Seriously though, if they call you or message you to talk about their grief, shut up and listen, even if they talk about it a lot and take up your time and make you uncomfortable.  They didn’t call for your advice unless they specifically request it.  Practicing empathy means you never give unsolicited advice! Always remove your ego from the conversation.

If you really can’t handle someone else’s emotions, understand that it is a reflection of your inability to deal with your own emotions and that it is not the other person’s fault. Be honest and politely apologize and tell the other person that you are struggling with your own emotions and that you are being triggered by the conversation.  If you know the person has no one else to talk to, ask them if they’ve heard of the various warm-lines, crisis-lines, and hot-lines for those struggling.

If you are able to practice empathy and listen to them, here are some more generalized things to keep in mind when you have conversations with them:

Let them know they can talk to you about what they are dealing with.  Let them know they can contact you whenever they need to if that’s an option for you.  Do not induce guilt trips or give them ultimatums about what you think they need to do or what will make them feel better.  Do not make it about you, they didn’t call or text you to hear about how your significant other won’t throw their dirty laundry in the washer or any of your other problems!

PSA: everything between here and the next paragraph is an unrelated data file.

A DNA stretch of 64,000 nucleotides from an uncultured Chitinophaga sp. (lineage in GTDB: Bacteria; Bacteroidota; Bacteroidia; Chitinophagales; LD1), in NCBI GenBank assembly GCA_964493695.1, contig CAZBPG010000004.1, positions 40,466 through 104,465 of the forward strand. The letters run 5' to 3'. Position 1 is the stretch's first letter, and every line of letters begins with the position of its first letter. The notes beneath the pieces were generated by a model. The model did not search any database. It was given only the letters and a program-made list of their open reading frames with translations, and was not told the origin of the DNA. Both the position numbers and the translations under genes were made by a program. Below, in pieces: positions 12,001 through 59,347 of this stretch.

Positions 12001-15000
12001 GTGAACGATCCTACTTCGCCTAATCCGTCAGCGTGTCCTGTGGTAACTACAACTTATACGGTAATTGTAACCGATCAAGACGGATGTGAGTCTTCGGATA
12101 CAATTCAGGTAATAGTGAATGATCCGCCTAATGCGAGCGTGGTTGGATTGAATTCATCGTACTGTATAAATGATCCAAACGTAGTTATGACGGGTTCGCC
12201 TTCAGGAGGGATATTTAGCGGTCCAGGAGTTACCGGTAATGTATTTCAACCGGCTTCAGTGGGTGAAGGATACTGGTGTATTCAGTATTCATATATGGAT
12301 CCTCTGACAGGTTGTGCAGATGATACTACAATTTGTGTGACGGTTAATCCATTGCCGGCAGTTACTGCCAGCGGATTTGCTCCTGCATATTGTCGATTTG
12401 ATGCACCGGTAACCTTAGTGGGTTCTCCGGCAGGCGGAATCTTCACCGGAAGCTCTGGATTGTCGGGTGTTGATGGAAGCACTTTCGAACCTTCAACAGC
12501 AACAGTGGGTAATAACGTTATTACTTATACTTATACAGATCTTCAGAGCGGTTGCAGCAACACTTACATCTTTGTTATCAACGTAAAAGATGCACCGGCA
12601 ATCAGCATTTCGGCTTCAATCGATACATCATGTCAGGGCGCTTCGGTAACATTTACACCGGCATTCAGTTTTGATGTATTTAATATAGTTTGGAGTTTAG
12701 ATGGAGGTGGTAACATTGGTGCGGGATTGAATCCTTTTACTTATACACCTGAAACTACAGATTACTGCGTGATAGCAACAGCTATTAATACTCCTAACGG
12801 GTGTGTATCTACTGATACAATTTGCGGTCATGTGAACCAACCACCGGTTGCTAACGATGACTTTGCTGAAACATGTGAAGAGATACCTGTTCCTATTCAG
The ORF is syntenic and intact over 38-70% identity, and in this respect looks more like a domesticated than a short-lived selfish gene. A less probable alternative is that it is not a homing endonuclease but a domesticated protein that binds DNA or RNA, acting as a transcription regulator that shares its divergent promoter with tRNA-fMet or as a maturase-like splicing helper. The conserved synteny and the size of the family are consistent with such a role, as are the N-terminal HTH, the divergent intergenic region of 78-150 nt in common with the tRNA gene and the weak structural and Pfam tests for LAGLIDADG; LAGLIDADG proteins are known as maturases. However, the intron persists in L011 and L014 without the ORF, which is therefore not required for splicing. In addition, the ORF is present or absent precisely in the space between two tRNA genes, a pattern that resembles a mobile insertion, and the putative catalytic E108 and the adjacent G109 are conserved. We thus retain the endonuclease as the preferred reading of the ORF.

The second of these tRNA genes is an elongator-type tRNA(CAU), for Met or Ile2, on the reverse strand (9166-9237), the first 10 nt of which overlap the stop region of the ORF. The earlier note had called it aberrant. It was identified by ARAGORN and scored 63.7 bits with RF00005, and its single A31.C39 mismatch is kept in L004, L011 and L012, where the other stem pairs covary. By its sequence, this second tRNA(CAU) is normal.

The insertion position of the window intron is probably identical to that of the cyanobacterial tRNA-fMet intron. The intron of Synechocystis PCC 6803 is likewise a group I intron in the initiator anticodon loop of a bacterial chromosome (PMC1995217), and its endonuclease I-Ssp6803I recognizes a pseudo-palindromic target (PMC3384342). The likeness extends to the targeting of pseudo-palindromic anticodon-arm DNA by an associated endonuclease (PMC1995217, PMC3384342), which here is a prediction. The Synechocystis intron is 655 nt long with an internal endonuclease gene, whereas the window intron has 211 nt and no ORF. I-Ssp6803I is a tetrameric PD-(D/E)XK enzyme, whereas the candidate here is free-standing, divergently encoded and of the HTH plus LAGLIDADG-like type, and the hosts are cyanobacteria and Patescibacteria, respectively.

Establish social boundaries between you and them to make sure you are not overwhelmed by their grief or emotional struggle – be honest and tell them what days or what times of day or night they can call or text. Do not assume you know what they need, never assume why someone feels a certain way, or how they feel about any given situation.  Regardless of what you believe about your alleged superpowers, you can’t actually read their mind. Not everyone experiences every situation the same way.

Two examples of things you should say:

1)  I am here for you and I support you.

2)  It’s okay to feel the way you do.

Give praise when they do things despite their circumstances, point out their strengths and the things they have been able to accomplish despite the experience they have been going through, to remove shame over their emotional struggle. Remind them of their previous or past accomplishments.

We have a culture in America that is not well-suited for emotional understanding, or emotional intelligence.  The words we choose to use, the phrases we rely on, can either make or break another person’s recovery from a traumatic experience.  Think about what you are about to say to another person, think about how you’d feel if you were on the receiving end, and if ever possible ask them questions so that you can understand how they are feeling about their situation and how they perceive it.

In closing, if you wish to be a more empathetic person:

1) Never make assumptions

2) Remove yourself from the equation